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CME Disclosure Statement: Unless noted, all individuals in control of content reported no relevant financial relationships. If applicable, all relevant financial relationships have been mitigated.

Article Information

Accepted for Publication: July 20, 2020.

Published Online: September 10, 2020. doi:10.1001/jamaoto.2020.2906

Correction: This article was corrected on December 10, 2020, to fix an error in the Figure.

Corresponding Author: Jae Ho Chung, MD, PhD, Department of Otolaryngology–Head and Neck Surgery, School of Medicine, Hanyang University, 222-Wangshimni-ro, Seongdong-gu, Seoul, 04763, Korea (jaeho.chung.md@gmail.com).

Author Contributions: Dr Byun and Ms Ryu had full access to all of the data in the study and take responsibility for the integrity of the data and the accuracy of the data analysis.

Concept and design: Chung, Lee, Kim, Shin.

Acquisition, analysis, or interpretation of data: Byun, Chung, Ryu.

Drafting of the manuscript: Byun, Chung, Lee.

Critical revision of the manuscript for important intellectual content: Byun, Chung, Ryu, Kim, Shin.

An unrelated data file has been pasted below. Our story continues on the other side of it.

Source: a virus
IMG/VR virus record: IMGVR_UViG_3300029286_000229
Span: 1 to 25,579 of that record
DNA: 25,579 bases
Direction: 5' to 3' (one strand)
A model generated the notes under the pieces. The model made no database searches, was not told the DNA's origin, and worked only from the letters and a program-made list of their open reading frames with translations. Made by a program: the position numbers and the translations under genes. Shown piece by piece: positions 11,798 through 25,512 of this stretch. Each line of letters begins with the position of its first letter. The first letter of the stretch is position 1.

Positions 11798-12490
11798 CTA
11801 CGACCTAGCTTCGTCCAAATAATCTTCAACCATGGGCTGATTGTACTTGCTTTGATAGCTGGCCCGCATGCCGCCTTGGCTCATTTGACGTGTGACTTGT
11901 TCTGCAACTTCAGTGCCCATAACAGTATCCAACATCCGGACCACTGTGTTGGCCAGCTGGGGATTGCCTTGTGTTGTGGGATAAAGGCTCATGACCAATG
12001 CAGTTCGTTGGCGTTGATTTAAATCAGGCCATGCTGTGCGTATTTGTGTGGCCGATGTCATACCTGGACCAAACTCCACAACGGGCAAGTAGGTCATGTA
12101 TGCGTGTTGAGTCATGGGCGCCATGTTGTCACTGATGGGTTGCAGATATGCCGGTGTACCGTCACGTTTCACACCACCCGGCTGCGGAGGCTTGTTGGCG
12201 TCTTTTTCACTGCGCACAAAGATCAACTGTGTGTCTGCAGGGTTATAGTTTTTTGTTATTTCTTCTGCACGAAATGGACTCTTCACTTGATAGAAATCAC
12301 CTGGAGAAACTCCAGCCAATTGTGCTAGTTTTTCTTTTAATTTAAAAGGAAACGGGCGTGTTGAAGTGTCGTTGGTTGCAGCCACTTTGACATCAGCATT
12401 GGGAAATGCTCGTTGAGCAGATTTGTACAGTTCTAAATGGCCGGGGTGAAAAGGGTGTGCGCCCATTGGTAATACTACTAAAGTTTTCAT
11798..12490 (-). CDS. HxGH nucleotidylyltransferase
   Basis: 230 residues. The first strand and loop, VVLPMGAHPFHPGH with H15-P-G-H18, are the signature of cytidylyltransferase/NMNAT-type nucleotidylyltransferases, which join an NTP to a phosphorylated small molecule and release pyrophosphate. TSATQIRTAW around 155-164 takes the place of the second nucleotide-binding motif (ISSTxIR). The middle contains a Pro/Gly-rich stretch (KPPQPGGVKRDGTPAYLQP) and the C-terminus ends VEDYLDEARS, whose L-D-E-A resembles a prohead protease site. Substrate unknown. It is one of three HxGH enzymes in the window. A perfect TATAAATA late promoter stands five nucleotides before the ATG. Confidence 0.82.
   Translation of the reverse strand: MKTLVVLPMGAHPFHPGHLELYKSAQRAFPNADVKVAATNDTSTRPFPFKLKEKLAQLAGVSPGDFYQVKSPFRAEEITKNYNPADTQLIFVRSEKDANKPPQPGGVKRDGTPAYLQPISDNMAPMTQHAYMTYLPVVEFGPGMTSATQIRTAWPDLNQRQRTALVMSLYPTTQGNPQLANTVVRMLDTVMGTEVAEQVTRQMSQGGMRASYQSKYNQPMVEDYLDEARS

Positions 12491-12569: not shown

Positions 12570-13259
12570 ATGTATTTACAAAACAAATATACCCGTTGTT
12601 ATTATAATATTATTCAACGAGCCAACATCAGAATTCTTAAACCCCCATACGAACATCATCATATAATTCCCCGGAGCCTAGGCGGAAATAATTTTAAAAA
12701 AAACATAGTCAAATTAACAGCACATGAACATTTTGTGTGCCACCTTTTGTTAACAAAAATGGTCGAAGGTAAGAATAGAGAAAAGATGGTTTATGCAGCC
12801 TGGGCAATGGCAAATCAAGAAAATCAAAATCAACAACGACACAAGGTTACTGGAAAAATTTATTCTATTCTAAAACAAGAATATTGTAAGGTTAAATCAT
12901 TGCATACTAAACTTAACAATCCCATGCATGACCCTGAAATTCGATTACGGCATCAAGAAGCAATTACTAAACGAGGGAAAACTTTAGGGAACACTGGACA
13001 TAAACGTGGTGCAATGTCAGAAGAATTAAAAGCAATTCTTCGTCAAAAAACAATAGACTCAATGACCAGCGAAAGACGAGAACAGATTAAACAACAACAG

Statistical analysis: Chung, Ryu, Shin.

Obtained funding: Chung.

Administrative, technical, or material support: Byun, Chung, Shin.

Supervision: Chung, Lee, Kim.

Conflict of Interest Disclosures: None reported.

Funding/Support: This research was supported by the Basic Science Research Program through the National Research Foundation of Korea funded by the Ministry of Education (NRF-2017R1D1A1B03033051).

Role of the Funder/Sponsor: The funding sources had no role in the design and conduct of the study; collection, management, analysis, and interpretation of the data; preparation, review, or approval of the manuscript; and decision to submit the manuscript for publication.